Despite boasting its fair share of explosions, superhero egotism and fanciful use of CGI, “Iron Man 2” inconveniently has a disarray of new characters and subplots that take away from the focus of Marvel Studios’ newest blockbuster.
In the first “Iron Man,” industrialist Tony Stark, played by Robert Downey Jr. (“Sherlock Holmes,” 2009) creates a jet-propelled battle suit and is dubbed the Iron Man. The sequel, also starring Downey, begins as a continuation from the first, where Stark revealed to the world that he is the man behind the iron mask. Six months later he is the planet’s biggest celebrity, and has therefore doubled his ever-flamboyant self-indulgence with statements like, “I have successfully privatized world peace!”
Unlike previous Marvel Comic characters like Spiderman and the X-Men who have inherited great power, Stark does not take it upon himself to match it with “great responsibility.” This is surprisingly refreshing in that “Iron Man 2” does not become just another superhero movie where Stark is a choir boy looking to save damsels in distress. Stark’s over-the-top hauteur, in fact, is the basis of which the storyline progresses.
Golden Globe Award winner Mickey Rourke (“The Wrestler,” 2008) masterfully plays Ivan Vanko, a long-haired, gold-toothed Russian with more tattoos than an L.A. gangbanger. Vanko claims his father’s technology was stolen by Tony’s father, Howard Stark, and seeks revenge by constructing his own battle-suit equipped with electrical whips. The hardcore Marvel fan-boys would realize that Vanko is based on the comic book villain “Whiplash,” although he is never called that in the movie.
Meanwhile, Stark refuses to hand his Iron Man project over to the government despite persistent pressure. He claims that the technology he created is so advanced that he should be the only one to have access to it. Refuting this is Stark’s corporate nemesis, the loathsome yet charming Justin Hammer, played by Sam Rockwell (“Moon,” 2009), who desperately wants to outdo Stark’s Iron Man technology.
After an epic battle in which Vanko is subdued and eventually imprisoned by Iron Man, Hammer breaks Vanko out of jail and recruits him at an attempt to create drones that will outperform Iron Man.
This is where things get tricky. Characters and subplots are seemingly thrown at the audience all at once. In the first movie, Stark’s narcissistic personality dominated the storyline, but in “Iron Man 2,” it competes with more than a half a dozen eccentric characters that seem to be irrelevant to the action taking place. It takes away from marvelous performances by the likes of Don Cheadle (“Brooklyn’s Finest,” 2009), Samuel L. Jackson (“Lakeview Terrace,” 2008), Gwyneth Paltrow (“Iron Man,” 2008) and the stunning Scarlett Johansson (“He’s Just Not That Into You,” 2009).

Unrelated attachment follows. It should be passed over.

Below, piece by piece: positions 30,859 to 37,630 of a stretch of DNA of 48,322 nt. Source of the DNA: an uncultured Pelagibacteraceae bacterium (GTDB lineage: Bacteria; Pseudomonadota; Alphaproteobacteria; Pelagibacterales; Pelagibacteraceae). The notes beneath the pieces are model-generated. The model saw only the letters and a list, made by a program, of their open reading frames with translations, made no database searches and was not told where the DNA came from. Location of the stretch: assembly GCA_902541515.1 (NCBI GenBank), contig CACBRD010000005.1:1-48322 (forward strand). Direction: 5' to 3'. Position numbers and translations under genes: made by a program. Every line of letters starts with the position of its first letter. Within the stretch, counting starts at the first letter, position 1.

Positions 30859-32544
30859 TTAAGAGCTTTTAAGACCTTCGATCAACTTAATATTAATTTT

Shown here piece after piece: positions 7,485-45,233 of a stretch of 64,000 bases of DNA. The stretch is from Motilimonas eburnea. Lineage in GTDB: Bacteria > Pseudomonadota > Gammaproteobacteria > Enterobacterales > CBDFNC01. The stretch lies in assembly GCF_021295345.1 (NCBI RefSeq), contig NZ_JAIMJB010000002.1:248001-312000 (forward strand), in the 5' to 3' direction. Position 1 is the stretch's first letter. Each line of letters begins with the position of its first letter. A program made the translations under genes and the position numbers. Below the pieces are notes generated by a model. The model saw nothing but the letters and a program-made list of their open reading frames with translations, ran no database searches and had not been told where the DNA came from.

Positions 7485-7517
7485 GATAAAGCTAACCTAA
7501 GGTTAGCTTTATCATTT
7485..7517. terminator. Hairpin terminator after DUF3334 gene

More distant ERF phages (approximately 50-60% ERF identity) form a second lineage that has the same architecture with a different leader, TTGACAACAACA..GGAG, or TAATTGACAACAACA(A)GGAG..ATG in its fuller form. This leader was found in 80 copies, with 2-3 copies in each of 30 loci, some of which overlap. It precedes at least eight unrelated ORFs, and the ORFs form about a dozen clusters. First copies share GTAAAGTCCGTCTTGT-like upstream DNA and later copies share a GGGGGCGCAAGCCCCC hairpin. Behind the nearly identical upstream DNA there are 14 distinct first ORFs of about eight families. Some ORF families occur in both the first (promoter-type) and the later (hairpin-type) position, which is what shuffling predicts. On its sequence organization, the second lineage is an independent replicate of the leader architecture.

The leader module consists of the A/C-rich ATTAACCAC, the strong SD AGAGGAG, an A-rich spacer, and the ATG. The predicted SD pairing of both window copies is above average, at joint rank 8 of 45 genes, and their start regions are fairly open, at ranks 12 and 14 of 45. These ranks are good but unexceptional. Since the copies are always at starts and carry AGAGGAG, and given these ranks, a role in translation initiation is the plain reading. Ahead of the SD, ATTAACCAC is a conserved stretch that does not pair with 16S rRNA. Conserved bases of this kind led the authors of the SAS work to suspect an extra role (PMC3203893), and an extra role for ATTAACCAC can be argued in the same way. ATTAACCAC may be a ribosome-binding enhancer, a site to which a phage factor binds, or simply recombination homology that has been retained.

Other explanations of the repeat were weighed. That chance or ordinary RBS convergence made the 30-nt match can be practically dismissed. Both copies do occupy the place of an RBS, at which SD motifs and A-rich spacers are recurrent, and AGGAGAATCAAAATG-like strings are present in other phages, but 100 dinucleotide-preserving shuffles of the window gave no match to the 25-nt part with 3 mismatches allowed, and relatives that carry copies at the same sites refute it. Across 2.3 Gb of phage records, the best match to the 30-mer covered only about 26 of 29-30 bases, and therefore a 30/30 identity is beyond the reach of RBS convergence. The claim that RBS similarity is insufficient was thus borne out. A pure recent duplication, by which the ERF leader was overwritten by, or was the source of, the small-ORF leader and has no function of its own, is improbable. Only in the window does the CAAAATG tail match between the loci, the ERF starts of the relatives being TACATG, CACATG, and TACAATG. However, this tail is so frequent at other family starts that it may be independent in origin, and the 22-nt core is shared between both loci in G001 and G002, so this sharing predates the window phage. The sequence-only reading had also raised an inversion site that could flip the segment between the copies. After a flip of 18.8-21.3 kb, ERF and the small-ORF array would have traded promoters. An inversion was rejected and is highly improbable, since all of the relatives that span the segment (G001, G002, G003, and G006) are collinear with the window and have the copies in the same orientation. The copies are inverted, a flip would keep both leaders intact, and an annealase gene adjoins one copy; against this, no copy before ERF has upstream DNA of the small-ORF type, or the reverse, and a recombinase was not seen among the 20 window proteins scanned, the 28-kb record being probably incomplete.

While the focus stays on Stark’s ego, the storyline unnecessarily branches out and each vie for the viewer’s attention, which causes disorder. Stark’s best friend Colonel James Rhodes, (Cheadle), takes Stark’s alternate Iron Man suit and later on emerges as the “War Machine” to aid the Iron Man. Natalie Rushman (Johansson) is a triple agent working with Nick Fury (Jackson), who doesn’t appear until the halfway point of the movie. The two recruit Stark to join their S.H.I.E.L.D. organization, an espionage and law-enforcement agency, something the movie could have done without.
Pepper Potts (Paltrow), is Stark’s secretary and love interest who throughout the whole movie struggles to keep up with Stark’s rollercoaster journey into maturity. All the while, there is still the villain Vanko to take care of. Audiences, especially those who are not familiar with the Marvel saga and its characters, might acquire the “am I missing something?” syndrome.
Luckily for “Iron Man 2,” an excessive storyline was saved by first-rate acting by a loaded A-list cast. Viewers may be quick to forget about the useless subplots and minimal narrative after the climactic battle scenes, or just seeing Iron Man and War Machine on-screen. The CGI work and detailing is just that good.
There could not have been anyone better to play such an obnoxiously snobbish character than Robert Downey Jr., and Mickey Rourke looks like he had a blast on this big budget production after starring in low-budget films like “The Wrestler.”
Despite being what seems just like a stepping stone to future Marvel Comic blockbusters, “Iron Man 2” is still enjoyable for fan-boys and casual viewers alike.
“Iron Man 2” has a runtime of 120 minutes and is rated PG-13 for sequences of intense sci-fi action and violence and some strong language.
My Rating: 3 1/2 out of 5 stars.